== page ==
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Japanese Stores Test Robot Workers


A staff member of Telexistence checks the company's shelf-stacking avatar robot, designed to resemble a kangaroo and developed to work in a convenience store in Tokyo, Japan July 3, 2020. (REUTERS/Issei Kato)
Japanese Stores Test Robot Workers
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In August, a robot will begin placing food and drinks on store shelves in Japan. This is a test that the robot's maker hopes will help create a wave of automation in retail stores. Automation is the process of using robots or computers, instead of people, for some jobs.

The manufacturer of the robot worker is a Tokyo-based company called Telexistence.

Following the test, store operator FamilyMart says it plans to use such robots at 20 stores in and around Tokyo by 2022.

One of FamilyMart’s competitors is the retail chain Lawson. That company will be testing its first robot in September, according to Telexistence.

At first, people will operate the robots from a distance. These operations will continue until the machines’ artificial intelligence (AI) can learn to copy human-like movements.

Jin Tomioka is the robot maker’s chief executive. He noted how the technology lets people sense and experience places other than where they are.

“It advances the scope and scale of human existence,” he said.

The idea, called telexistence, was first proposed around 40 years ago by the company’s co-founder, University of Tokyo professor Susumu Tachi.

Telexistence calls its robot the Model T, after the famous Ford Motor car. The Ford Model T began the era of mass car use around 100 years ago.

The robot looks somewhat like an Australian animal -- a kangaroo. The unusual design is meant to help people feel at ease. Many people feel uneasy around robots that look too human.

Escaping factories

Robots are still a rare sight in public. They also struggle with simple jobs in unexpected settings.

Solving that problem could help businesses in some countries, especially those in rapidly aging Japan, deal with fewer workers. Businesses hit by the coronavirus may also need to operate with fewer people.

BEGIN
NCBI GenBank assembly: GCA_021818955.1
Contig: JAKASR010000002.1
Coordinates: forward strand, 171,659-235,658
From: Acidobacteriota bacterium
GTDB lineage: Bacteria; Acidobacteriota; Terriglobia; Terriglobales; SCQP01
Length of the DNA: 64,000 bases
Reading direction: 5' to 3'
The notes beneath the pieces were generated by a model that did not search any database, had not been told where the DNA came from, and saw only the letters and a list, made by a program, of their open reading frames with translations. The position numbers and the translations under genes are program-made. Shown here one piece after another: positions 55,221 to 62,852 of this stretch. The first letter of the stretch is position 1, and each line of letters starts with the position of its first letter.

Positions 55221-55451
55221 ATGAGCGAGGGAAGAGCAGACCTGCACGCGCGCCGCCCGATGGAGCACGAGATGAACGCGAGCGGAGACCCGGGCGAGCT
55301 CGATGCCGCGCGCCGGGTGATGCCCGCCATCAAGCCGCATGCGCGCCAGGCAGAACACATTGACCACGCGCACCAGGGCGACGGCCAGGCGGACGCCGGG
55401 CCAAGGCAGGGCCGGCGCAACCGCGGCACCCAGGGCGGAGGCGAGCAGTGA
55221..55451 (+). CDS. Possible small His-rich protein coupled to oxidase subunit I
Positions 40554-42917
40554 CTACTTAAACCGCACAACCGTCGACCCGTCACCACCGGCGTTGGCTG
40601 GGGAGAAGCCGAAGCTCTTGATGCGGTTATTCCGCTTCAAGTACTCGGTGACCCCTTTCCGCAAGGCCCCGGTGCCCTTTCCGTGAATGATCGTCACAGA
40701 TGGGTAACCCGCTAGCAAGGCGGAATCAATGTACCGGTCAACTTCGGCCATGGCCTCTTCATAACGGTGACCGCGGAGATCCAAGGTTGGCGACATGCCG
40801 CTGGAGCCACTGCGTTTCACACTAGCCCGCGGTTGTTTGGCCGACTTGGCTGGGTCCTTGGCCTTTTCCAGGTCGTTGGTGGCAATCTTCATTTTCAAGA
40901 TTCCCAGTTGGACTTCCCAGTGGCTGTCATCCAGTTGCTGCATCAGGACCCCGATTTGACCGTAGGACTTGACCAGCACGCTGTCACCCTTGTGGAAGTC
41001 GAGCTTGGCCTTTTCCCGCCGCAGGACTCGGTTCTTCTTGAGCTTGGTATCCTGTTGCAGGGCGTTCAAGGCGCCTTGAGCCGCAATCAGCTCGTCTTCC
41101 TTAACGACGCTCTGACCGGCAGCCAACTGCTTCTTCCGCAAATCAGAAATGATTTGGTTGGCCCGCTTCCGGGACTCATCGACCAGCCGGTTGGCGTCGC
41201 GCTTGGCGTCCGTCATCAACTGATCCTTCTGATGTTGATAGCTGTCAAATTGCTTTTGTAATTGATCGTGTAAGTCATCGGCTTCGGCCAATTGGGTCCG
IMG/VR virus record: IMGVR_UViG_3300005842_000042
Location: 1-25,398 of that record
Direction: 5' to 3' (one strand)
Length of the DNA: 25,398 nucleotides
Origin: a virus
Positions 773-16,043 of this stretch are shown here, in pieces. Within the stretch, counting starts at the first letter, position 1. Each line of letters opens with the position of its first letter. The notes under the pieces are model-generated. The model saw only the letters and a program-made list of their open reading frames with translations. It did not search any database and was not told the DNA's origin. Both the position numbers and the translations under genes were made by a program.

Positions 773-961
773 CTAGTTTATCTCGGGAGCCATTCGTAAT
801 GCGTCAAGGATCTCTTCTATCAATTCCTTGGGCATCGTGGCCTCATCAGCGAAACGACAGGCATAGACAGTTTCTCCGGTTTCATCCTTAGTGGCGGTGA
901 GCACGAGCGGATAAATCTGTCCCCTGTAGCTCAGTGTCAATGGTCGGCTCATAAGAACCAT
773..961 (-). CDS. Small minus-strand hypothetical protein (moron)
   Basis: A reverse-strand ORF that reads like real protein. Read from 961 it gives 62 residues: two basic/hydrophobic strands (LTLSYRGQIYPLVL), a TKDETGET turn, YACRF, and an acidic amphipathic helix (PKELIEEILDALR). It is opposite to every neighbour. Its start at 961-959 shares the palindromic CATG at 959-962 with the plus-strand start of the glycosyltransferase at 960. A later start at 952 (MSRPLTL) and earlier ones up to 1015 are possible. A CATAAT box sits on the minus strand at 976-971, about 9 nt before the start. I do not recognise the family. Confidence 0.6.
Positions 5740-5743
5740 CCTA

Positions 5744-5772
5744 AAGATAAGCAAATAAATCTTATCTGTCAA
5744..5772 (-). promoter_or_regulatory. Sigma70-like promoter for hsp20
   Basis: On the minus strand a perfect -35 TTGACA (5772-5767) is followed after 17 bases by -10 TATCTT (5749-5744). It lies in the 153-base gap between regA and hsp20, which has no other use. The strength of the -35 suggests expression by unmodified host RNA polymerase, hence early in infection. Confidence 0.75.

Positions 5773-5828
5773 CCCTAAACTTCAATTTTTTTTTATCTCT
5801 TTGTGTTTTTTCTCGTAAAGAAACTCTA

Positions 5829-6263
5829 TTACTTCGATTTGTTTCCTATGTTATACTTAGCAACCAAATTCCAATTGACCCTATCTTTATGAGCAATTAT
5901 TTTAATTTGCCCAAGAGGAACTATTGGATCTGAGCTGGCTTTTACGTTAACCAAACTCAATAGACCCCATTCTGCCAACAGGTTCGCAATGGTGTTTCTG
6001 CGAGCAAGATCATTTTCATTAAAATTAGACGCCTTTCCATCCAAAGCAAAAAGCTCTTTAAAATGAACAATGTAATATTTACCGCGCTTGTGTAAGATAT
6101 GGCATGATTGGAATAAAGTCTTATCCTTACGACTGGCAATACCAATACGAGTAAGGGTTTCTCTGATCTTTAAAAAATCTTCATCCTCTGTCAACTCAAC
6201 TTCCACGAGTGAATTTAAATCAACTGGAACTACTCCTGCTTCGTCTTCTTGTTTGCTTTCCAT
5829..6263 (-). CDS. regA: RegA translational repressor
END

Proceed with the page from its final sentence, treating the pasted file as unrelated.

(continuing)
Since the coronavirus crisis began , hotels, restaurants and even oil companies have contacted Telexistence, Tomioka said.

Niki Harada is an official at Japan’s Restaurant Workers Union. “It’s difficult to tell now what impact robots might have in restaurants - it could mean fewer people, but it could also create new jobs,” Harada said.

Although FamilyMart will still need people to control its robots, operators can be anywhere. The operators can also be people who would not normally work in stores, said Tomohiro Kano, a general manager.

“There are about 1.6 million people in Japan, who for various reasons are not active in the workforce,” he said.

Takeo Kanade is an AI and robotics scientist at Carnegie Mellon University in the United States. Kanade joined Telexistence in February as an adviser.

Future telexistence robots could be used in hospitals so doctors could perform operations from a distance, he said.

However, he added, it might take another 20 years before robots can work in people’s homes.

“In order for robots to be really usable at home,” he said, “we really have to be able to communicate."

I'm John Russell.

Tim Kelly reported on this story for Reuters. John Russell adapted it for VOA Learning English. George Grow was the editor.

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Words in This Story

shelf – n. a flat object which is connected to a wall, and on which other objects can be placed

retail – n. the business of selling things directly to customers for their own use

chain – n. a group of stores or businesses owned by the same company

according – adv. as stated by or in

artificial intelligence n. the development of computers with the ability to do things that normally require human intelligence

scope – n. the area that is included in or dealt with by something

scale – n. the size or level of something especially in comparison to something else

era n. a long time or period of history

rapidly – adj. very quickly

impact – v. to have a strong effect on someone or something


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